Me: What was your initial response to the idea? There must have been so many obstacles for you. What were some of them?
Aaron: My first reaction was, no way! It is too hard, too messy, too much! There are too many unknowns. There are so many negative stereotypes. The kids in the system are difficult at best! How could you take a child into your home, love them and then have to say goodbye? I thought, it’s not a good time for us, with three children under 6. Then I realized it will never be the “right” time. There will always be a good reason to not do something. But it is always a good time to be obedient.
Me: So what would you say to someone’s whose response is “I could never do that…”?
Aaron: Fostering is not a spiritual gift. It it will be hard, but God will provide. There are no guarantees with any child; biological, adopted or foster, and yet we can have peace because that is all in His realm.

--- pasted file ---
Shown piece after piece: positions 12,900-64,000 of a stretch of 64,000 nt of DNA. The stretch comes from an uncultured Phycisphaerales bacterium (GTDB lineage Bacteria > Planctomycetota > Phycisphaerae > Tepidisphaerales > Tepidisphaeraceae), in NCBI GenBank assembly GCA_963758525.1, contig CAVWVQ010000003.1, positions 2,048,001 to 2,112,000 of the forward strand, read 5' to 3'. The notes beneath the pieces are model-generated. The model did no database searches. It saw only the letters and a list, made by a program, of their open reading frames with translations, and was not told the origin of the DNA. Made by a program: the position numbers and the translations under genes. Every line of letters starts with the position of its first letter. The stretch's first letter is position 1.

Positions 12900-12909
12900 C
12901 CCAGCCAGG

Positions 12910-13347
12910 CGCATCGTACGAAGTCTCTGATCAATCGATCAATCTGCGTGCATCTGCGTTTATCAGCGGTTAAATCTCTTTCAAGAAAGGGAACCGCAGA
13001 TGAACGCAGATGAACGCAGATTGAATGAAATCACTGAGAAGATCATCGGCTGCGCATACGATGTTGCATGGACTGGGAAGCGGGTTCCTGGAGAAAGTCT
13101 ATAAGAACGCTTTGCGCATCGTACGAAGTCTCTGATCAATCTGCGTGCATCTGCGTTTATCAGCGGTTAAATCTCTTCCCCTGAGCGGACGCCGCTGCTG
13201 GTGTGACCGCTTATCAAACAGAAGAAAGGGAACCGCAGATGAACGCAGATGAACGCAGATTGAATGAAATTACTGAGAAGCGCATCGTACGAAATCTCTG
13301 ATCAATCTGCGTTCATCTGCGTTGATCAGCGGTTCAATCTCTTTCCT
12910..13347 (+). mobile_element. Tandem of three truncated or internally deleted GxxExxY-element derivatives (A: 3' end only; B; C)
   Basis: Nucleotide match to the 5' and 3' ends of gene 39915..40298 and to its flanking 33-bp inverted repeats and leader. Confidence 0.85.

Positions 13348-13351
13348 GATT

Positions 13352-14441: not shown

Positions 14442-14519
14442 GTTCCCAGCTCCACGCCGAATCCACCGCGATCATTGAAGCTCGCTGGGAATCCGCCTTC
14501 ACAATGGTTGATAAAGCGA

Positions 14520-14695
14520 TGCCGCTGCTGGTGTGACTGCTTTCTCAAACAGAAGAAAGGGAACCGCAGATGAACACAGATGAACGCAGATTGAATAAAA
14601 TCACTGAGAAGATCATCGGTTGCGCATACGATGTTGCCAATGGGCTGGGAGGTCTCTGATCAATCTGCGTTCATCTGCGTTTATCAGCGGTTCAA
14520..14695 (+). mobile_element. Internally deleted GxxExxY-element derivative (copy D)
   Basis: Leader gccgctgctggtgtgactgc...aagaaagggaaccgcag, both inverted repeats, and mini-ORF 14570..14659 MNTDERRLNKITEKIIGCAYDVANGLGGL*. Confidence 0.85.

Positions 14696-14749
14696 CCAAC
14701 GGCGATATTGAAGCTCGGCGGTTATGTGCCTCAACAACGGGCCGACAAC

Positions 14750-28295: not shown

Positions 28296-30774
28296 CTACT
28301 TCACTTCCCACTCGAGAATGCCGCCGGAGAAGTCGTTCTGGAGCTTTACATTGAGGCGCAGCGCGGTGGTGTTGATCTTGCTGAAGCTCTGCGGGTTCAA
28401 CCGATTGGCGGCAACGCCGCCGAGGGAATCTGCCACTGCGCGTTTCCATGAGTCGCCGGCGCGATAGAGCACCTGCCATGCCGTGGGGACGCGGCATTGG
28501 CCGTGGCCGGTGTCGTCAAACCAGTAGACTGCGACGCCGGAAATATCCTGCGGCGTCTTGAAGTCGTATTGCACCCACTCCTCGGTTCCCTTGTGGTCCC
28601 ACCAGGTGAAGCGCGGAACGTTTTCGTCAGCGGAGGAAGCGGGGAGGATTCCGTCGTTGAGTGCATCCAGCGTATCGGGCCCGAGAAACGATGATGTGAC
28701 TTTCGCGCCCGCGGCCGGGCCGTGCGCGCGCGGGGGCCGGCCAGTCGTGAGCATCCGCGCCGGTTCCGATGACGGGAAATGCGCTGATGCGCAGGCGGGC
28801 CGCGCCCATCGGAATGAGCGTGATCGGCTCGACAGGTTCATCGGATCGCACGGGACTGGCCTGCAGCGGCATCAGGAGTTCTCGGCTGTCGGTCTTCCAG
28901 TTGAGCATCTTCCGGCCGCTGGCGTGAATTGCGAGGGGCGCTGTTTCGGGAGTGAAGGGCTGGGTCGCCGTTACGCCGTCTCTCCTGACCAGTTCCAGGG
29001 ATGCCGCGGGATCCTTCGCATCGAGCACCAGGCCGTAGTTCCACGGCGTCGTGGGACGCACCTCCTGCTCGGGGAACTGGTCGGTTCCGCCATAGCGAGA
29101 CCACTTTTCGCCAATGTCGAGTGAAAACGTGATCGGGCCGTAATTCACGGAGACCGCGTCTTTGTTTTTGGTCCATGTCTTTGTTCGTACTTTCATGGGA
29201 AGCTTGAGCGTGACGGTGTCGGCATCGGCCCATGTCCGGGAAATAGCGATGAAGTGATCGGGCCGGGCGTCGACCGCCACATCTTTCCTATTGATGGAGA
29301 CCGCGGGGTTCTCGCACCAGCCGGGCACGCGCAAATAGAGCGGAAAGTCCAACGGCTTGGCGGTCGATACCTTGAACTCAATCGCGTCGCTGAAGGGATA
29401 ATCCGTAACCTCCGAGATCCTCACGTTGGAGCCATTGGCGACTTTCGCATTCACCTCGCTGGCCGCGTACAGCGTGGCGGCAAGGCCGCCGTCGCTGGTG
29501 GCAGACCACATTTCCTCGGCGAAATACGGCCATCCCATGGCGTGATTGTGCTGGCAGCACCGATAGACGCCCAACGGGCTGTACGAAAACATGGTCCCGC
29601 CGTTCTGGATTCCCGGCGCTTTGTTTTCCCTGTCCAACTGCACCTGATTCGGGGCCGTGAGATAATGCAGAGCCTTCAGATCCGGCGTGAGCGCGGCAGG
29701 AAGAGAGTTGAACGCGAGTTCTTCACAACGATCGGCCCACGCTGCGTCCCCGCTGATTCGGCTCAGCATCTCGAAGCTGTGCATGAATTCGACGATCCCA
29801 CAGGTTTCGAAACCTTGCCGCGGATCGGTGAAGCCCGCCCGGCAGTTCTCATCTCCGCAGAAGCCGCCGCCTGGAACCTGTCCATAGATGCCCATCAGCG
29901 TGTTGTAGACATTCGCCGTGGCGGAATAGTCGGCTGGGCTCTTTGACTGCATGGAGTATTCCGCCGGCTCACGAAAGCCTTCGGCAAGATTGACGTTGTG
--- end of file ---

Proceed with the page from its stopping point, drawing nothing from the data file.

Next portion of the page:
Me: Does it bother you when people say “I could never do that.”?
Aaron: Yes and no! That was my first reaction too. But I’ve realized that Fostering is not about you (or me). Caring for the orphan is what we are called to do. I just hope that people who feel called to it don’t use that as an excuse.
Me: So do you have super power?
Aaron: (laughing) I do. Compassion.
Me: Would you say then that we are all called to Foster?
Aaron: No. There are other things people are called to, and lots of other ways people can help! There is Respite Care for the foster parents through the Ministry. And anyone can come alongside a family who is fostering and find lots of ways to help them.